So whatever your favorite spring routine is, make sure you get outside and enjoy the beautiful weather. I know after this long, hard winter we had here on the east coast, I'm not wasting a single sunny day!

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  • To convert the rust or to encapsulate the rust? That is the question.

    So you are shopping for products to kill that nasty rust you found on your recent project and you don't ever want it to come back again (much like that nasty cold you might of had last month)? But, you are unsure of what the difference is between our "Rust Converter" and our "Rust Encapsulator"? Or even which is better for your particular project? Hopefully we can help answer a few questions and educate you all in one go!

    Rust Encapsulator (or "RE" as I will refer to it) is basically  a "primer" type coating that can conveniently be applied over top of the rust itself and then any type of product such as a top coat of paint can be used afterwards. This product is perfect for floor pans, frames or under body parts. The RE essentially locks out moisture and air to stop any future rust. This is best used alone when you have minor rust or have cleaned the metal and want to eliminate the possibility of rust in the future such as a spot prone to rust on your vehicle. This can be used on its own separate from the Rust Converter we also offer.

    The Rust Converter (or RC as I will refer to it) we now offer is perfect to use in conjunction with our RE we discussed above. RC is prefect for more extreme cases of rust in which you want to dissolve or transform the rust. What RC does is CHEMICALLY convert the rust into a black polymeric coating that seals the metal  from air and moisture before any type of paint or primer is applied.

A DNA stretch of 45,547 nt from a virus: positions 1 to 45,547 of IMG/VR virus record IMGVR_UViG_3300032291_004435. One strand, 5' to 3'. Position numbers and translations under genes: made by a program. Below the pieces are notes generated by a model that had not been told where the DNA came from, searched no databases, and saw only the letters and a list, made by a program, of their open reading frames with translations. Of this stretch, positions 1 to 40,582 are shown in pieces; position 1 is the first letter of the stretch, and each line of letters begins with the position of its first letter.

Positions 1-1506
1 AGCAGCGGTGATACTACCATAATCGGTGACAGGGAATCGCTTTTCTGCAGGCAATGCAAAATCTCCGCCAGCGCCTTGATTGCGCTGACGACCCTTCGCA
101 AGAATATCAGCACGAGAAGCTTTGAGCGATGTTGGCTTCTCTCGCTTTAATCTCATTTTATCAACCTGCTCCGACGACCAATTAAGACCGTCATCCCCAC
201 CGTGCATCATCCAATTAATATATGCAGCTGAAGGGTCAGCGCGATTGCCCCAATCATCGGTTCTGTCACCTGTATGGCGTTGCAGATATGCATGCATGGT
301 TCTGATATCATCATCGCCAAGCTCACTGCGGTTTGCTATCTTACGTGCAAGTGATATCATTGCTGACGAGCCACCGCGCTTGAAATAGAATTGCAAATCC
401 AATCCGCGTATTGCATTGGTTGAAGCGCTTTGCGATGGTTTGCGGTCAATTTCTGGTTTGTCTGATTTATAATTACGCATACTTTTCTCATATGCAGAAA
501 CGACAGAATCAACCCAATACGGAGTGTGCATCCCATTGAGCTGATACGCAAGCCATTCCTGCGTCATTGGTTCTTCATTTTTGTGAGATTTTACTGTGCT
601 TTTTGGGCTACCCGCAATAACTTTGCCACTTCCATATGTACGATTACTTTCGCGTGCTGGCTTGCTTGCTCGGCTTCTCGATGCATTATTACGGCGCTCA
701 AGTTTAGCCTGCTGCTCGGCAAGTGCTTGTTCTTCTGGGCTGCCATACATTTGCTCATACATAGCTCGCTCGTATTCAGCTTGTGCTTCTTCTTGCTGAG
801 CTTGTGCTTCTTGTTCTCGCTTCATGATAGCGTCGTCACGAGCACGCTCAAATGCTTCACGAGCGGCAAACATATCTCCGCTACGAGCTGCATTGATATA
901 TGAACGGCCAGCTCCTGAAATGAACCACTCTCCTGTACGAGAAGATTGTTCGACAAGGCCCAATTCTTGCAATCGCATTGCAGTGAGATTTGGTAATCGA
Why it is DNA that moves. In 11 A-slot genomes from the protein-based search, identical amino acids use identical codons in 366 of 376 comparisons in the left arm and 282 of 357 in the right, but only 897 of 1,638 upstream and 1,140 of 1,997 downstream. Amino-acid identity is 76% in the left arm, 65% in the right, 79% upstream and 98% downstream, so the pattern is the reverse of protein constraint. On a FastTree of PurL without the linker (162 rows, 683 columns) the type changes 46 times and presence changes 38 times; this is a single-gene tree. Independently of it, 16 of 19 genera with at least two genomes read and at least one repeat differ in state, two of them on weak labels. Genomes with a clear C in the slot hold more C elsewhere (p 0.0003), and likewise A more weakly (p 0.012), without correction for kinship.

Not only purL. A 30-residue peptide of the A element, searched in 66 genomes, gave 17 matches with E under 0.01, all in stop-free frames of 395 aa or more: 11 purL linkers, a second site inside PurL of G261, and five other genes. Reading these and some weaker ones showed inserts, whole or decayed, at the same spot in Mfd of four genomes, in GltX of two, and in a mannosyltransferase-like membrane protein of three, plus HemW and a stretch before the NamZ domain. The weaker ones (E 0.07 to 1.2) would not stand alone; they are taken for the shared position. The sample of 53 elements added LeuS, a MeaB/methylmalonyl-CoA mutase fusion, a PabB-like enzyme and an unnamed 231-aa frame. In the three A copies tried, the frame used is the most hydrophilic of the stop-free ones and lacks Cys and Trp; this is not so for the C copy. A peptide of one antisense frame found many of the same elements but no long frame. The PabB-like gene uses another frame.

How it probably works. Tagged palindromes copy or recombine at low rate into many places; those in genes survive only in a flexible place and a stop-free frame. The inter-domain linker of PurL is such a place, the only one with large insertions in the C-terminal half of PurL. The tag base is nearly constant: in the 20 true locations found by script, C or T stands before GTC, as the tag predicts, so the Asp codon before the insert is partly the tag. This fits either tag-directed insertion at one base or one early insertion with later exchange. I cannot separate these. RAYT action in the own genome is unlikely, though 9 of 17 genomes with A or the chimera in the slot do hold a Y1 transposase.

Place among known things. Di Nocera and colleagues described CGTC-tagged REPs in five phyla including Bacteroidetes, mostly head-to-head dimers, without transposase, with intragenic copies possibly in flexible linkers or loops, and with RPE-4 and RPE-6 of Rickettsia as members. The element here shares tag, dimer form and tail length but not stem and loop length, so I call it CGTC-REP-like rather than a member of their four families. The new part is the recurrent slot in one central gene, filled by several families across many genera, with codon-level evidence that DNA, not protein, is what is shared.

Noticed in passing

So which product is best for you? To sum it up, we suggest using the Rust Converter when you have heavy or major rust to convert and seal the rust first. Then, for the full treatment follow up with the Rust Encapsulator as a primer to completely seal and prime the surface before your top coat. The RE can be used alone if you have minor flash rust or medium rust. Do this by simply removing the loose rust and applying RE to keep that minor rust from spreading or getting any worse. We do NOT suggest using the RC if you there isn't any rust present and the metal is clean.

    Hopefully we put some confusion to rest on these products and which can be used together. Feel free to comment or respond to this blog entry if you have any other questions. Additionally if you have any suggestions for other products you feel there isn't a clear answer on when to use the product or what exactly it does. We will try to continually be posting some answers to commonly asked questions about our products exclusively here at the Eastwood blog.

    Don't miss the video clip from the review of the RE on "My Classic Car" T.V. show we have hosted!